Meeting with a Lawyer: Closing a Business
Created by FindLaw's team of legal writers and editors | Last reviewed June 20, 2016
If you are closing any form of business other than a sole proprietorship, you will probably want to retain an attorney to determine the appropriate procedure for notifying various state authorities and the Internal Revenue Service (IRS) of your intentions. In addition to these required notifications, you also will want to contact business partners, customers, suppliers, and any other parties that will be affected by the shut down. Remember, problems can arise even after a business has closed down -- such as contract disputes or customer needs -- which is why doing it properly and with the help of an attorney is so important.
Due to the complexity of closing down a business entity, it's best to have the help of an experienced business attorney. But in order to best assist you, your attorney will need your cooperation and careful recordkeeping. At your first meeting with your attorney, you should be prepared to provide the following information:
Name of Business_________________________________________________________
Any other names under which the entity has done business_________________________
Business Telephone number_________________________________________________
Business E-Mail Address___________________________________________________
Person to be Contacted_____________________________________________________
Telephone Number of Contact Person_________________________________________
Business email of contact person_____________________________________________
Employer Identification Number_____________________________________________
Date of Incorporation (or the date that the state gave you permission to conduct business)
When and where you filed your articles of incorporation, registered your partnership, limited liability articles of organization, etc.
When and where you filed each certificate of trade name, fictitious name, assumed name
When and where you obtained a sales tax permit
When and where you obtained any licenses to conduct your business
When and where you filed your last tax return
Full names and addresses of all corporate officers, general partners, members, or any person who is likely to appear on documents that are filed with the state or taxing authorities.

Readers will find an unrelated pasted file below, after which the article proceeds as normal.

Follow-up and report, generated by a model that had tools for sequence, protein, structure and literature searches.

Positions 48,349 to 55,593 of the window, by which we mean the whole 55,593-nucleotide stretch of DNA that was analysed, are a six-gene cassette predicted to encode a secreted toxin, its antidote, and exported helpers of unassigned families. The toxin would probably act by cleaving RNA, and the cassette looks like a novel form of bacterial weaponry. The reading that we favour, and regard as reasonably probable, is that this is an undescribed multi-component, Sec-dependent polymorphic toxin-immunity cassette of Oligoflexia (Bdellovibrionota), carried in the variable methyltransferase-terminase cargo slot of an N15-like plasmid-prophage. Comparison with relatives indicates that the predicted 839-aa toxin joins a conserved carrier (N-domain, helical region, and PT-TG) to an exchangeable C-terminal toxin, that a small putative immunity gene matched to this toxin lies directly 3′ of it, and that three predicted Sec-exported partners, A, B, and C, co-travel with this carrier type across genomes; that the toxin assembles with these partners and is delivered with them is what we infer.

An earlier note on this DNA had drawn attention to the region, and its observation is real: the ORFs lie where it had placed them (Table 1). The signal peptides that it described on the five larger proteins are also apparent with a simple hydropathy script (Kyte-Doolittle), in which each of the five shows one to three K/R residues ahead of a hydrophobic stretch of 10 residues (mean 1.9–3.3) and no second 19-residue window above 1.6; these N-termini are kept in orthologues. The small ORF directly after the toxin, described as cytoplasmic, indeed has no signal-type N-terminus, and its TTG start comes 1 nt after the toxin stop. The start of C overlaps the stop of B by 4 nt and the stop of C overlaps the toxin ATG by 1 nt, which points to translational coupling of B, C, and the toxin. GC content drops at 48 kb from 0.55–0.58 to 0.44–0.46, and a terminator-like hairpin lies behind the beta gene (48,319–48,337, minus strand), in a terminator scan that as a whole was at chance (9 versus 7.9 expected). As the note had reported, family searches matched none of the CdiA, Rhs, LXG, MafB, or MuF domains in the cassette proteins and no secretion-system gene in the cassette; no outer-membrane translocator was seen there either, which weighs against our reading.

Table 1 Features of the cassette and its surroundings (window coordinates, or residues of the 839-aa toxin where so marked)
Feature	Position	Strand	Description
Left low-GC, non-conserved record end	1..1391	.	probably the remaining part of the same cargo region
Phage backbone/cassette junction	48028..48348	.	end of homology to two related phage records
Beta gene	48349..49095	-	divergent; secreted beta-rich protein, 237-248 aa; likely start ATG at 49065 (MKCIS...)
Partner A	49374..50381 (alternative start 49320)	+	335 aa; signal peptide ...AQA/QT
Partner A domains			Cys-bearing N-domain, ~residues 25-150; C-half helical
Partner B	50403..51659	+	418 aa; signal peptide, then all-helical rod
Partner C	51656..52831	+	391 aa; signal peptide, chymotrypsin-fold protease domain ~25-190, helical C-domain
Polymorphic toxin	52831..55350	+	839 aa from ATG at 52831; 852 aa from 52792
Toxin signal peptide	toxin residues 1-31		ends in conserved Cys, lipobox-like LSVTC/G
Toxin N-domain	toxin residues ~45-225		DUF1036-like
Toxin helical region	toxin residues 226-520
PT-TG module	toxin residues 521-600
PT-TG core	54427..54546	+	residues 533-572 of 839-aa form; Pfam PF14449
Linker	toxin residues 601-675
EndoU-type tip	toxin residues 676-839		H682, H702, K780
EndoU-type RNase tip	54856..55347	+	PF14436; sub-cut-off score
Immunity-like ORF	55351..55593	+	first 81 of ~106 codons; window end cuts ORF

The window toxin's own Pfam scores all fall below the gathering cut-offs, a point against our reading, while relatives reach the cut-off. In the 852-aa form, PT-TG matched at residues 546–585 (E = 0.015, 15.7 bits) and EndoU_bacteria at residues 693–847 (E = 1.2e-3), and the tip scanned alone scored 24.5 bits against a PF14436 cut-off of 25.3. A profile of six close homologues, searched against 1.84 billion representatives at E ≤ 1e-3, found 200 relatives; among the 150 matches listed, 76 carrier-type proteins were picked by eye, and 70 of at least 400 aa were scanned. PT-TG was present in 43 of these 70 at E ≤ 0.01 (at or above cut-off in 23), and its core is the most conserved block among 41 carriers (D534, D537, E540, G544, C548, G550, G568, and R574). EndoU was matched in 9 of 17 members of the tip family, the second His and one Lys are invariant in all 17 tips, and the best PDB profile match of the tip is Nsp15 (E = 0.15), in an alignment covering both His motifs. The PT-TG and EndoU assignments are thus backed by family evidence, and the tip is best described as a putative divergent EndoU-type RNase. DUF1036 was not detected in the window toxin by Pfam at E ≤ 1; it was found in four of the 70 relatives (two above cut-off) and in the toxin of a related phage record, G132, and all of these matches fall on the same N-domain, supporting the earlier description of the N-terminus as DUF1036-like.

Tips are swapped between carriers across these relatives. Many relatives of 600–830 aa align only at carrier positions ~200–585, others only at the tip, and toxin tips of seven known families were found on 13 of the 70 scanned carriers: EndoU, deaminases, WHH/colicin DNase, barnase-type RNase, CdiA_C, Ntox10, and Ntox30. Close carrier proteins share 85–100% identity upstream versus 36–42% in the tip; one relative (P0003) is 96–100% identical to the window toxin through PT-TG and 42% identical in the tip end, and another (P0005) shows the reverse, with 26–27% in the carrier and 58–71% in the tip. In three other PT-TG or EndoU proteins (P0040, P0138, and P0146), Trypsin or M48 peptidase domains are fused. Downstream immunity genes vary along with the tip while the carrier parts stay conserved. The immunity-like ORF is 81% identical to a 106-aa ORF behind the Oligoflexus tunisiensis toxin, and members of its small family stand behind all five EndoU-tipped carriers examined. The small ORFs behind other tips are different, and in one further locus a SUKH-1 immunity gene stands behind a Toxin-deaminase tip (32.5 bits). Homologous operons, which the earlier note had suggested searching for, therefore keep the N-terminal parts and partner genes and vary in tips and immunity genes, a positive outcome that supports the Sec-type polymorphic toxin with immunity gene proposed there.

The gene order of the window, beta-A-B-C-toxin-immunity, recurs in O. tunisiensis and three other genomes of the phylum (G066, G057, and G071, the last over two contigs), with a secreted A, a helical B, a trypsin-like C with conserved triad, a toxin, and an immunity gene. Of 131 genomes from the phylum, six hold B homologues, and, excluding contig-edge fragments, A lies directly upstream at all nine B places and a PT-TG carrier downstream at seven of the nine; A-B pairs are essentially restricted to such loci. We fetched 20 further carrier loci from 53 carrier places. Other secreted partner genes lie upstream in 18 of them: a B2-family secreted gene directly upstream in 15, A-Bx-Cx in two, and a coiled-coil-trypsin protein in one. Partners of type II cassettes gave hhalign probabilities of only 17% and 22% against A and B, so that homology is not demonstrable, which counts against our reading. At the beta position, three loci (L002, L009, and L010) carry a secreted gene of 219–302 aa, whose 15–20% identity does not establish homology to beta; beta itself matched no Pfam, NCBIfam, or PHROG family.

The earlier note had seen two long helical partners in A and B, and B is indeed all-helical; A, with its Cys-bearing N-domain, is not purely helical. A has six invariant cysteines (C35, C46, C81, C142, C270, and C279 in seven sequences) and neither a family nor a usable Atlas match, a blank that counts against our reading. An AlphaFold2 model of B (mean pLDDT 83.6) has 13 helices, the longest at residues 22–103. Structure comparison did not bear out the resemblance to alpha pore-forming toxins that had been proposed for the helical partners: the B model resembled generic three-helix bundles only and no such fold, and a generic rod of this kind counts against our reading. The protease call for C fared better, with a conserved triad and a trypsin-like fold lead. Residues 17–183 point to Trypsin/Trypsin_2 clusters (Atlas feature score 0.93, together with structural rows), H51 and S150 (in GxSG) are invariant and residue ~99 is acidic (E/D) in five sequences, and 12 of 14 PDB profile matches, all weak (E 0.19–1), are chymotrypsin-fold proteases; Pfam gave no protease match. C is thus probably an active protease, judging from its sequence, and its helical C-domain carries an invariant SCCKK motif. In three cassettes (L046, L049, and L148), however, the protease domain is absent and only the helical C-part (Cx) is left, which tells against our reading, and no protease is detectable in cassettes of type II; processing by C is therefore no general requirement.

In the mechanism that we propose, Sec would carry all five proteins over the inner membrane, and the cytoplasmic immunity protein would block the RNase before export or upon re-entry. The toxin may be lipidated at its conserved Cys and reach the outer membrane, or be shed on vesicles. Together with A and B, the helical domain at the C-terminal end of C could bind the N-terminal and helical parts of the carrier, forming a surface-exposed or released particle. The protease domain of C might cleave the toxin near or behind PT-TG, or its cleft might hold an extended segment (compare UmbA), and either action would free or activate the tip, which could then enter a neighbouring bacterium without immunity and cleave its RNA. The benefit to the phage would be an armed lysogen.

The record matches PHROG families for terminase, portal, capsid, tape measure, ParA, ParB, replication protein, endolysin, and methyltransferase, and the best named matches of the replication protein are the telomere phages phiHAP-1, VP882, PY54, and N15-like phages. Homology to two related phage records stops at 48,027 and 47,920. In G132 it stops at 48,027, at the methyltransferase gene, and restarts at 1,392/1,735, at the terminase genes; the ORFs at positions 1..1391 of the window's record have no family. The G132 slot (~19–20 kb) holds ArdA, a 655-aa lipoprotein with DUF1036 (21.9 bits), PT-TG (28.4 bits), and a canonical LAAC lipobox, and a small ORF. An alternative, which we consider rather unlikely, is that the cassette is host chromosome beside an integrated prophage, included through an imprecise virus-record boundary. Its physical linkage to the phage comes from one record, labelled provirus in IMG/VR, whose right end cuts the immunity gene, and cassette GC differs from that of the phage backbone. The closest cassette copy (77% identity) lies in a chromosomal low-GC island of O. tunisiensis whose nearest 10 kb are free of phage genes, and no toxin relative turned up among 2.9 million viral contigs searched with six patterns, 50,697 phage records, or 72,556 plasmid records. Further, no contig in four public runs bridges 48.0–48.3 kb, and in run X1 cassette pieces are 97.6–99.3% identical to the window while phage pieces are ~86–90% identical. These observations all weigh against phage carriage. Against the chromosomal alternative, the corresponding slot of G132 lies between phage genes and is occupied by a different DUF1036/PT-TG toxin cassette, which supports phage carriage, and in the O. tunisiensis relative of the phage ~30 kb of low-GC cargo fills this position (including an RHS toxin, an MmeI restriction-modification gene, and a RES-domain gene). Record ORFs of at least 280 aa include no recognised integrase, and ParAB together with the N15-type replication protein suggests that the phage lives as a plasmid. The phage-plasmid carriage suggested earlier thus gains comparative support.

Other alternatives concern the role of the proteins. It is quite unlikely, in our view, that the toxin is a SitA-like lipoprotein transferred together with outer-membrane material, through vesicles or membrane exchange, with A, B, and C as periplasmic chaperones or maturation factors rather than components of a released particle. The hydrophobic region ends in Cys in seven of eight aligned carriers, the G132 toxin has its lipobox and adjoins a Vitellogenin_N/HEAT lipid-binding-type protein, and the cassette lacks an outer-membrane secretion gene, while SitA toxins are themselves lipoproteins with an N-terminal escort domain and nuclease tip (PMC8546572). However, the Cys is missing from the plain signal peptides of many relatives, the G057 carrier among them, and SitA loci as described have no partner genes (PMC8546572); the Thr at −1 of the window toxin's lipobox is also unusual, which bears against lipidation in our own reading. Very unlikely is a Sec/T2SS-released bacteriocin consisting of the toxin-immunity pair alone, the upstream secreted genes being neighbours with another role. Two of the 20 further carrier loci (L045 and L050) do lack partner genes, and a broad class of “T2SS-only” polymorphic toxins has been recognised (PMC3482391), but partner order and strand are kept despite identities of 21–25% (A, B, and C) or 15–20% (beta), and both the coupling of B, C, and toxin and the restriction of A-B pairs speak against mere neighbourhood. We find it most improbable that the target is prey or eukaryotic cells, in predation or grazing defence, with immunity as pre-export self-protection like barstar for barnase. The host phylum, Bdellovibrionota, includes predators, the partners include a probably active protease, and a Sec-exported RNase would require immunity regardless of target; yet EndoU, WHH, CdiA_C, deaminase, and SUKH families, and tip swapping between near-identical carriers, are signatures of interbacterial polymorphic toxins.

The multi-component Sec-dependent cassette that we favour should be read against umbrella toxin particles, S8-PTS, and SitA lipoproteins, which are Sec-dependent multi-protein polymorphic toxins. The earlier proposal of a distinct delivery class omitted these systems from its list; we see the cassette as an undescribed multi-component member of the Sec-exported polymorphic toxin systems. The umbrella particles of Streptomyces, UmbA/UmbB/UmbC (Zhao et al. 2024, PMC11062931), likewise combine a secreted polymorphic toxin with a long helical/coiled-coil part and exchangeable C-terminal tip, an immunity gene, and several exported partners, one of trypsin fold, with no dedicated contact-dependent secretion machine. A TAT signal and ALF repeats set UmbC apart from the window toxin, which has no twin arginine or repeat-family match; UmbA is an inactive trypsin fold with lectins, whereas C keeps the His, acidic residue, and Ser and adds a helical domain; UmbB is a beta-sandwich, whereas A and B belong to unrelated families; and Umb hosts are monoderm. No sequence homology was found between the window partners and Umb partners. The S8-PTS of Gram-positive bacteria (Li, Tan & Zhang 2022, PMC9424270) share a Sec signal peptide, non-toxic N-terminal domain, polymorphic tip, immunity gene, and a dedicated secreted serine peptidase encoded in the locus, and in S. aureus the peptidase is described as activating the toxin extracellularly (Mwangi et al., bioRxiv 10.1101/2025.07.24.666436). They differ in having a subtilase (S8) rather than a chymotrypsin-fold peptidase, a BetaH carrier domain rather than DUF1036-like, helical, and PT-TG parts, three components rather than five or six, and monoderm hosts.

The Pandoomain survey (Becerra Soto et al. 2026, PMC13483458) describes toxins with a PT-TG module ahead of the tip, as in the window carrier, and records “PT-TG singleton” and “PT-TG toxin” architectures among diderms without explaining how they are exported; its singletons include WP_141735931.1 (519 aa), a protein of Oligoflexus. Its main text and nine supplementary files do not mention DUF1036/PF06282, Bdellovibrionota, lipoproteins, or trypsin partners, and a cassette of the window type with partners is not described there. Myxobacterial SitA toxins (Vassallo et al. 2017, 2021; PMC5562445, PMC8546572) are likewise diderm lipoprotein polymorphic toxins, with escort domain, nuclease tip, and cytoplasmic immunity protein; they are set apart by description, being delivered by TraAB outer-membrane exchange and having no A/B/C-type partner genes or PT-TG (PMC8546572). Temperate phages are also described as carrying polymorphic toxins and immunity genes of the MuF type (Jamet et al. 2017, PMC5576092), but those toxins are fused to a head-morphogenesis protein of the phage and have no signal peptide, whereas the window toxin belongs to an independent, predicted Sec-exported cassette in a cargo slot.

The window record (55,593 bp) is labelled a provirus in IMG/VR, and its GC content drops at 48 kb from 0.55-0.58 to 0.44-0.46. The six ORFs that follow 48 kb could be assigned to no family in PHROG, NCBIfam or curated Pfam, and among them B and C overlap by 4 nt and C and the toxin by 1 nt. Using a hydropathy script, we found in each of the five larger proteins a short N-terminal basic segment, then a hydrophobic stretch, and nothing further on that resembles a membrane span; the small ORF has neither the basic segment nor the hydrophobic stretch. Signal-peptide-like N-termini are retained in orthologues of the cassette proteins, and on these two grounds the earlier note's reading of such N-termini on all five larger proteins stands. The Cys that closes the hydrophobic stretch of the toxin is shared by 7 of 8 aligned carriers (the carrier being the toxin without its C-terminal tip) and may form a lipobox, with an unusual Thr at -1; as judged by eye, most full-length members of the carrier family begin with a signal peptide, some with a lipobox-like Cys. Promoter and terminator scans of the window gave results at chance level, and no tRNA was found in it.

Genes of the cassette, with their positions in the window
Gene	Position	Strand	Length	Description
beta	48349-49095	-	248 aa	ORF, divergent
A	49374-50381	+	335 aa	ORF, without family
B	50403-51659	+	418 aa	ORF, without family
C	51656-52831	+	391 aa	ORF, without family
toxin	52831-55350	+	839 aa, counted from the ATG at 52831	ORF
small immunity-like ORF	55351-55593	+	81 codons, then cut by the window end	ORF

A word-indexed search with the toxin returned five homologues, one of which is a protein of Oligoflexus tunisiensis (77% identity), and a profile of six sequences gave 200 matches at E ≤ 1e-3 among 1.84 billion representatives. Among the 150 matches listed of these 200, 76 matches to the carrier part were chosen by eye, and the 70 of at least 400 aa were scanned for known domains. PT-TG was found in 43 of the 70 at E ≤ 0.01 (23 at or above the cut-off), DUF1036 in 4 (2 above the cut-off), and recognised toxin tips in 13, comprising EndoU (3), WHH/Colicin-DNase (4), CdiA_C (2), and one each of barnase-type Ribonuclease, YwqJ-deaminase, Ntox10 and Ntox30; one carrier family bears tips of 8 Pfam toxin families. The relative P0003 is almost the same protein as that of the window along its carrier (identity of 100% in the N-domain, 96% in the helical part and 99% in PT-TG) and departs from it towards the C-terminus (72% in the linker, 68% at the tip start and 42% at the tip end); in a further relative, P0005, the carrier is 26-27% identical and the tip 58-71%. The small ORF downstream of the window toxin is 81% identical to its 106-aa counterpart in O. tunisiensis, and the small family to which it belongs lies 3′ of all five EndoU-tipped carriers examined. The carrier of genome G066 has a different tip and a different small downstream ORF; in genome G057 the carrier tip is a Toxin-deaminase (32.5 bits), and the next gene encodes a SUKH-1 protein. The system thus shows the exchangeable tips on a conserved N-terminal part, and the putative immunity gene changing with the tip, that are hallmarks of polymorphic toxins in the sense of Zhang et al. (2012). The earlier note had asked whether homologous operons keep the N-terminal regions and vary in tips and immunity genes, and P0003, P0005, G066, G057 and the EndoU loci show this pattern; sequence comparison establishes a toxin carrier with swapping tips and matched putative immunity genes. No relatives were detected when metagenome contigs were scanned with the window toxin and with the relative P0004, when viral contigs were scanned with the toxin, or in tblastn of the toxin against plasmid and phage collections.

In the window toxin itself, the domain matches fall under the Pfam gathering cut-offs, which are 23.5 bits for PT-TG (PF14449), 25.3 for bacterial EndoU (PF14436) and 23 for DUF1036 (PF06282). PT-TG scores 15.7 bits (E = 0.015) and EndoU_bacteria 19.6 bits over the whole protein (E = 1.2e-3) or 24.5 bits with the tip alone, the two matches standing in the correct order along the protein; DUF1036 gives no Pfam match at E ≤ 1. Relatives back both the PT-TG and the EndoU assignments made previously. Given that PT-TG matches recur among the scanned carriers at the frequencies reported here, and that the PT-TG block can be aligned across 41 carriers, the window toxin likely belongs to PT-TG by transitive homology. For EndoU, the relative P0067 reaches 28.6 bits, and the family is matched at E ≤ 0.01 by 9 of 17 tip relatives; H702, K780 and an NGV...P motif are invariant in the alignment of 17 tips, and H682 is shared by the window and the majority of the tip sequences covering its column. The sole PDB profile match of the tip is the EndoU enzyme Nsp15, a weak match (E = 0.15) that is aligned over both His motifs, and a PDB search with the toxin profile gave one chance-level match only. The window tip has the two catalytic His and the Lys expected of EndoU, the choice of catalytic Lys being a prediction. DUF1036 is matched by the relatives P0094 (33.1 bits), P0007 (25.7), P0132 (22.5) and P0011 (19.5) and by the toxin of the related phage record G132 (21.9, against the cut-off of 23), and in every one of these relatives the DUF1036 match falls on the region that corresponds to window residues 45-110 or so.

If you have already voted to dissolve:
· The date dissolution was approved_________________________________________
· The number of votes cast on the proposal to dissolve__________________________
· The total numbers of votes cast for and against_______________________________
List any dissolution preparations that have already been made, e.g., tax forms filed, plans for liquidation
If the law firm will be notifying creditors of your dissolution, list the names and addresses of your creditors
If the law firm will be collecting your assets, list all outstanding assets
The name of your commercial insurance carrier_________________________________
Commercial insurance carrier agent's telephone number___________________________
The name and telephone number of the accountant who will be handling the liquidation or taxes issues
Find the Right Attorney to Help You Close Your Business
Since closing your business is not as simple as flipping the switch and walking away, you want to make sure you've done it both effeciently and legally. Even an honest mistake can result in liability long after the business has closed down. Find a business and commercial law attorney licensed in your state today.
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Contact a qualified business attorney to help you tie up all loose ends when closing your business.